A report has warned the UK is set to enter a recession which will hit millions of the most vulnerable households up and down the UK.  

Gross domestic product is predicted to shrink in the third and fourth quarters of the year, and in the first of next year.

The report, from the National Institute of Economic and Social Research (NIESR), warned of a “three-quarter technical recession, but a relatively shallow one”.

However, it also said there is an “increased possibility of a deeper recession”.

It also said the threat of stagflation, a nightmare of economists, has returned for the first time since the 1970s.

What is stagflation?

Stagflation is when an economy sees slow growth, high unemployment and rising prices.

A mash-up of “stagnation” and “inflation”, it means the economy is not working properly. Prices will continue to increase while economic growth decreases.

This lack of economic growth then leads to higher unemployment.

North Wales Chronicle: Recession could hit the UK (PA)Recession could hit the UK (PA)

The economy is likely to grow this year, the NIESR said, but only by 3.5%, and then down to 0.5% next year – far from an emphatic bounce back from the pandemic.

The rising cost of living will be affecting 2.5 million households, seeing people use their savings to afford to live.

This means that by 2024, one in five UK households will have no savings.

The institute also says the number of households living pay cheque to pay cheque will nearly double from 3.9 million to 6.8 million – or 25% – in 2024.

The report also found that inflation will peak around the last three months of this year.

The report found that inflation will peak around the last three months of this year.

Consumer price index inflation will reach close to 11% but will fall back to 3% by the end of 2023.

Professor Stephen Millard, NIESR deputy director for macroeconomics, said:  “The UK economy is heading into a period of stagflation with high inflation and a recession hitting the economy simultaneously.”

He called on the Bank of England to try to get inflation under control – interest rates of 3% will probably be necessary for that – and for the new chancellor to support households hit by the recession and cost-of-living squeeze.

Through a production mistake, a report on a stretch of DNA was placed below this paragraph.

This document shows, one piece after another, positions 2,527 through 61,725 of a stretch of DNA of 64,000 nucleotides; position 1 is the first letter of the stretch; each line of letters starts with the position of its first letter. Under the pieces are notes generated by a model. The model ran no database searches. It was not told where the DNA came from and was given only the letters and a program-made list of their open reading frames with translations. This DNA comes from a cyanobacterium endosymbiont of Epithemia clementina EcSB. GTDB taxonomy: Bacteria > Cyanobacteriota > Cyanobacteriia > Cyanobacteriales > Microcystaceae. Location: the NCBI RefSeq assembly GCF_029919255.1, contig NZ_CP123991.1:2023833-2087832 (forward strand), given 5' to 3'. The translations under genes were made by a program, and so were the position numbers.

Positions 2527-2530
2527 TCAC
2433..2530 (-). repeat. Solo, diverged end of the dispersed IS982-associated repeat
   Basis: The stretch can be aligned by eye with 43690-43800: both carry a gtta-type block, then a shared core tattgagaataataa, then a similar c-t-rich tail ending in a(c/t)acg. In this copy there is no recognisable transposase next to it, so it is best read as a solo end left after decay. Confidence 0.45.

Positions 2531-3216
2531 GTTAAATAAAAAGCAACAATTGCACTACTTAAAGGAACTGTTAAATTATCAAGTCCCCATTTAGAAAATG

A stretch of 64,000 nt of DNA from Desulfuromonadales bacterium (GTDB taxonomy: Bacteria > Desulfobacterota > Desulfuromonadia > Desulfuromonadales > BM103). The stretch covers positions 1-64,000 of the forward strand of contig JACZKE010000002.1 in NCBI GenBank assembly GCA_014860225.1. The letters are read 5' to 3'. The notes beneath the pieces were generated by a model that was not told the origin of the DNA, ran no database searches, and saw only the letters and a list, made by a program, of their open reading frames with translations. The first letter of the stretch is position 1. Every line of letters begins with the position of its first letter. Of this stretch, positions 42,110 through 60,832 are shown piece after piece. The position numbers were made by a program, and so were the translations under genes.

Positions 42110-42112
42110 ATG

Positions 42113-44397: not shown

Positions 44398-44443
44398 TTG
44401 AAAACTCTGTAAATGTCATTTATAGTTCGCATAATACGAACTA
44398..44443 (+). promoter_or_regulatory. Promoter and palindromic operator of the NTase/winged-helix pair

The report called on the Government to increase Universal Credit payments by £25 a week for at least six months from October.

This would cost around £1.4 billion. It also called for the energy bill relief payments to increase from £400 to £600 for 11 million low-income households, costing £2.2 billion.

The research reveals that between the impact of inflation and the Government’s refusal to raise benefits in line with inflation rates, the 10% poorest households will now be 5% worse off.

This is despite the support promised for energy bills.

It makes them the worst hit of any income group in society.

“All households are facing soaring energy and food bills but too many have to resort to credit, build up payment arrears or see their savings wiped out,” said Professor Adrian Pabst, deputy director for public policy at NIESR.

“The incoming administration needs to provide immediate emergency support to the 1.2 million hardest hit households and the one in five households that will become financially vulnerable as the energy price cap is lifted and the recession begins to bite.”

The report forecast that real incomes will be permanently lower, dropping 2.5% in 2022 alone.

Real incomes will be 7% below where they were headed before Covid by 2026, it said. Around 3% to 5% of this hit will come from Brexit, 1% to 3% from energy price rises and the remainder from Government policy.